Surviving Old Age in an Ageing World Old People in France, 1820-1940

By Jérôme Bourdieu, Lionel Kesztenbaum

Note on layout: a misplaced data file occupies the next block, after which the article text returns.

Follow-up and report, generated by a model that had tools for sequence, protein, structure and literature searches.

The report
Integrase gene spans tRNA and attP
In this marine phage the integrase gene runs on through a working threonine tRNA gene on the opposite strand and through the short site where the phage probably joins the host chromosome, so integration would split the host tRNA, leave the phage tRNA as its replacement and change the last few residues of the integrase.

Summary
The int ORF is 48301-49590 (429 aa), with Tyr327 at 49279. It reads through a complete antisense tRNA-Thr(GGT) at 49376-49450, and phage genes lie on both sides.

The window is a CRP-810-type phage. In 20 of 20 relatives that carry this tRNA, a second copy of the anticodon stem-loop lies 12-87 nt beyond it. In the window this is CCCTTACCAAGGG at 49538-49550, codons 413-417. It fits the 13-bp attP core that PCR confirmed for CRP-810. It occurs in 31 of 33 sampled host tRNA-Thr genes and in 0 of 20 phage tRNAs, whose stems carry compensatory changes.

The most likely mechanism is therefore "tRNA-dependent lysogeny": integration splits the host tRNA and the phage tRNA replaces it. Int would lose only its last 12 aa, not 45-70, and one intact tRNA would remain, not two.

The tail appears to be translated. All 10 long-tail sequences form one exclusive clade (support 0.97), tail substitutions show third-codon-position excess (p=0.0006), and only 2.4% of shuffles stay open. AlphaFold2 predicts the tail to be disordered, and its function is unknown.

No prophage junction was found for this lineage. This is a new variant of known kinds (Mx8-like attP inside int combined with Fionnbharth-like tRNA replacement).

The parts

Compared with other European countries, population ageing began particularly early in France. That trend affected both societal organization and family ties. Examining changes in asset ownership by the French between 1820 and 1940 reveals that the proportion of people who died leaving no estate increased, and increased at every age. Taking this dual observation as a starting point, this paper seeks to analyse the strategies employed by older people to survive through old age, utilizing three types of resources: personal economic resources, family resources and state resources. The analysis shows the heterogeneity of this older age group and hence of the survival strategies deployed. Savings are a solution only for a minority; they enable access to other resources and in particular offer an alternative to continued employment. It is also shown that pensions, which were introduced gradually, facilitated more widespread access to savings. Lastly, the growing share of older people in the French population was accompanied by the increasing role of state support.

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